What do you do with two riders fresh from the Valloire EWS stage? Send them to nearby La Grave for a week with photographer Dan Milner to juggle training programs, massive calorific intakes and nailing images aboard their new SB5c bikes. Coming straight from the chaos, intensity and race win at Valloire, spending a week in the little village of La Grave was like stepping into another world. The village is tiny and with only 700 inhabitants, all hardcore mountain folk and most lured here by the extreme-ski tag the resort has in winter. But with few distractions, the week allowed Richie Rude and Jared Graves to focus on their training, get further acquainted with the SB5c and squeeze in photo sessions, while Yeti mechanic Shaun Hughes kept everything moving. With a lift right outside the apartment door delivering riders to a 900m descent, gravity laps weren't a problem, nor was accessing some of the nearby backcountry trails with a few hike-a-bikes. Dominated by the 3983m high peak of La Meije, La Grave is unique. The cold, stone-built village and the steep, no-nonsense resort is not for everyone, and its trails threw in a few curve balls when it came to both training and photography. But we're glad we experienced it, its glaciers, weather and body-punishing trails. What doesn't kill you, only makes you stronger, right?
Richie cuts it loose during his first time down during a 500m off camber, skinny, scree trail descent at the end of a long day. Shooting at La Grave that week was all about trying to work with a very changeable weather pattern. Frustrating at times, rewarding at others, all helped by a 7 a.m. lift up the mountain.
La Grave is not known as a mountain bike Mecca. It's steep and unforgiving. In the winter it's two curious lifts hurl backcountry skiers straight into 10,000ft off-piste descents that dodge glacial crevasses and seracs. In summer, its five dedicated trails carry a similar feel: committing. But, just outside the resort, we found trails that oozed flow like an over-ripe Brie.
Head up the valley a little and the type of trails you find could be a million miles from the glaciers of La Meije, the mighty peak that dominates La Grave and its surroundings. Richie and Jared find some dusty flow to finish the day.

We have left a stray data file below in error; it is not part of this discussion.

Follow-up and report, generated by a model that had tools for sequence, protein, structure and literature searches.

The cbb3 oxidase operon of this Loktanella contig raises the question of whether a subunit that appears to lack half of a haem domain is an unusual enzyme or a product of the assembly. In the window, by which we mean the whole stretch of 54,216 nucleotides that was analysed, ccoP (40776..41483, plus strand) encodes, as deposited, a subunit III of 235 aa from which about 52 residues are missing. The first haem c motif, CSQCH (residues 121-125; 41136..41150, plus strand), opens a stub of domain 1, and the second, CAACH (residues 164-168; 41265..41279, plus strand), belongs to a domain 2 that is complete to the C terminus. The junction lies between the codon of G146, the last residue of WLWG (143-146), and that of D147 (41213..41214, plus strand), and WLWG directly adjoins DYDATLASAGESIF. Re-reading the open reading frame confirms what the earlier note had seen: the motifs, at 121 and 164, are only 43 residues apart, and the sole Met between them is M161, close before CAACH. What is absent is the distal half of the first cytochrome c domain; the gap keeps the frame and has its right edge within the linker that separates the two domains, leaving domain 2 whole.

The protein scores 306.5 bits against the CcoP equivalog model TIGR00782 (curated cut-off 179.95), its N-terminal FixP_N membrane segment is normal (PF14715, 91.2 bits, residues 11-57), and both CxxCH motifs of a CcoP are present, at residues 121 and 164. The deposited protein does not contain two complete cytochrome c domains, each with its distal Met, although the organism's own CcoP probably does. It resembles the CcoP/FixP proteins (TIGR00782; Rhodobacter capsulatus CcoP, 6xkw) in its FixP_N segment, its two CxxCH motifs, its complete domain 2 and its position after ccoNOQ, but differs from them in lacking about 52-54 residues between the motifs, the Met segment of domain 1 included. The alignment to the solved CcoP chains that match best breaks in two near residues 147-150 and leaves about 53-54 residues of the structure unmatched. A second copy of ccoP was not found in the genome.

Fitting in a photo shoot around some winning racers' training schedules means working late. After a recon on this trail, we hit it up to shoot for a late light session, but got clouded in as soon as we hit the peak. A full 90-minute wait in a cold wind didn't help morale, but when the light popped again, the descent was worth the wait.
After a sunny day recon' at the Col d' Izoard, one of the Tour de France's famous battlegrounds, we drove an hour to explore the unique terrain. Five minutes after arriving, the rain set in and we huddled in the van with Jared keeping us amused with Australian-twanged anecdotes. Just before calling it off, the weather cleared enough to go have a play on the incredible trails that flow through this lunar-landscape and the boys put the SB5c’s great climbing abilities to good use.
We only got to scratch the surface of the trails at Izoard, trails that on the map run out in every direction for tens of miles. For me as the photographer, the bad weather actually served up a lot more atmosphere than we'd have had with sunshine, really helping pick out the rock formations. For Jared and Richie, they got to throw the bikes around on some very loose corners that felt more like the Dolomites than the Alps.
It never feels good getting up to grab a 7 a.m. lift, especially when you have to wait in near zero temperatures for it to open while the liftie gets his coffee and cigarettes sorted first. But as soon as you step from the lift up the mountain and back into those first rays of sunshine, there is little that can compete in both riding in this light or shooting it.
The official bike trails at La Grave have consistency. Beginning above tree line they are steep, rocky and technical. Once in the trees, they are steep, rooty and technical. It was a great proving ground for the SB5c's ride-anything capabilities.
With the SB5c not officially launched yet, it was important for us to keep the bike away from public eyes and Instagram. Riding at La Grave, we needn't have worried. Nobody rides here - you have the trails, either in the resort or in the nearby backcountry, to yourselves, every day.
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